In February of last year, shortstop Fernando Tatís Jr. signed a massive contract with the San Diego Padres worth $340 million over 14 seasons. Tatís, just 23, immediately delivered a stellar 2021 season, batting .282/.364/.611 and hitting 42 homers with 97 RBIs and 25 stolen bases. He made his first All-Star team, won his second Silver Slugger award and finished third in MVP voting.
The Padres were looking forward to another solid year from their star, this one hopefully equating to playoff success. Unfortunately, Tatís will miss around half of this season due to a wrist injury and subsequent surgery. And that injury could have cost him the remaining $329 million of his contract.
Why? Tatís suffered the injury in December, and it was most likely due to a motorcycle accident in his native Dominican Republic. But because of the Major League Baseball lockout, teams and players were unable to communicate for 99 days. Tatís was unable to tell his team that he had been injured, which he said felt “stuck”, like when he slides too hard into a base. The pain resurfaced over the past month or so, and when Tatis was finally able to report to camp, team doctors learned the injury was more extensive than they had originally anticipated. It also doesn’t help that Tatís suffered a fall during training which hurt his wrist again.
Now, the Padres could seek to void Tatís’ contract and possibly recoup some of the money they owe him. However, they have no intention of doing so – for a number of reasons.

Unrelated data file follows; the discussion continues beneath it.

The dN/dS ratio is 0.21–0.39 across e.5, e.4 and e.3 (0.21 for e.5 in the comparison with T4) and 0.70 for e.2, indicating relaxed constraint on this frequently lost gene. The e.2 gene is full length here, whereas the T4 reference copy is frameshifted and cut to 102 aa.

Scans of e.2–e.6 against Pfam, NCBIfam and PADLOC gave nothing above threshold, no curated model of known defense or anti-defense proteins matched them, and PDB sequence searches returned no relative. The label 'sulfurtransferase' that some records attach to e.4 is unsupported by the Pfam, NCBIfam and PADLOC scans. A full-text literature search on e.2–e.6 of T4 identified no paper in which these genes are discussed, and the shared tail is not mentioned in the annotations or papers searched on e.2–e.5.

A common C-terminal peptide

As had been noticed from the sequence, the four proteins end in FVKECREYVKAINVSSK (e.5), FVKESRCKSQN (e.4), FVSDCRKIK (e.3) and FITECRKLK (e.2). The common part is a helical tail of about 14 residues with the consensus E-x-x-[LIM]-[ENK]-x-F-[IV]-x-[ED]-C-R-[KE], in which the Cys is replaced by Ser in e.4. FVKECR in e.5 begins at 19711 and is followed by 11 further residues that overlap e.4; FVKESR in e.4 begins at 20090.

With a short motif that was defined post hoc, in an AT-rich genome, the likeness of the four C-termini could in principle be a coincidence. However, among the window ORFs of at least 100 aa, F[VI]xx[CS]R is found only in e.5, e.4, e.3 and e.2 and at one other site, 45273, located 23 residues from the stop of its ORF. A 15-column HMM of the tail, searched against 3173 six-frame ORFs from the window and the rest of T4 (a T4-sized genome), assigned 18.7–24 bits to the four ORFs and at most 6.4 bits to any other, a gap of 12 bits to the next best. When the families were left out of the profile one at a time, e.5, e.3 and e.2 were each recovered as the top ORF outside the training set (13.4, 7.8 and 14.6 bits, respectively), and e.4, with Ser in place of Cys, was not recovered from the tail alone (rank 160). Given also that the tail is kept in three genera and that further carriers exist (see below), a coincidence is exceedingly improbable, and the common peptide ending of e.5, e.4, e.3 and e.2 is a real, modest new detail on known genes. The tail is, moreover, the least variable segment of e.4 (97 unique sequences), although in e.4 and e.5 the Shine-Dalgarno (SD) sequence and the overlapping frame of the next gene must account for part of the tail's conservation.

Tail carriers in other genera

First, the team cannot necessarily prove that the wrist injury was a direct result of the motorcycle accident. Of course, that’s the most likely scenario, but that would just be speculation. Second, the Padres, who are in winning mode now, just committed 14 years and $340 million to a star player – one they believe can help them win a championship (or more). If they tried to get some or all of their money back, it would damage their relationship with Tatís, perhaps beyond repair. Future free agents could also see what happened and choose a destination other than the Padres.
Finally, the Padres just wouldn’t get a substantial amount of money back. It is difficult to cancel a contract entirely, and this injury should be minor enough that Tatís only missed a few months. In the grand scheme of things, it’s not a horrible scenario. MLB Network Jon Morosi reported that Tatís had also pledged never to ride motorcycles again, understanding his importance to the team.
Both parties are handling this as well as expected. The Padres are grateful to their star player for getting the treatment he needs for his injury. Meanwhile, Tatís is grateful to have his (relative) health — and also $329 million to come.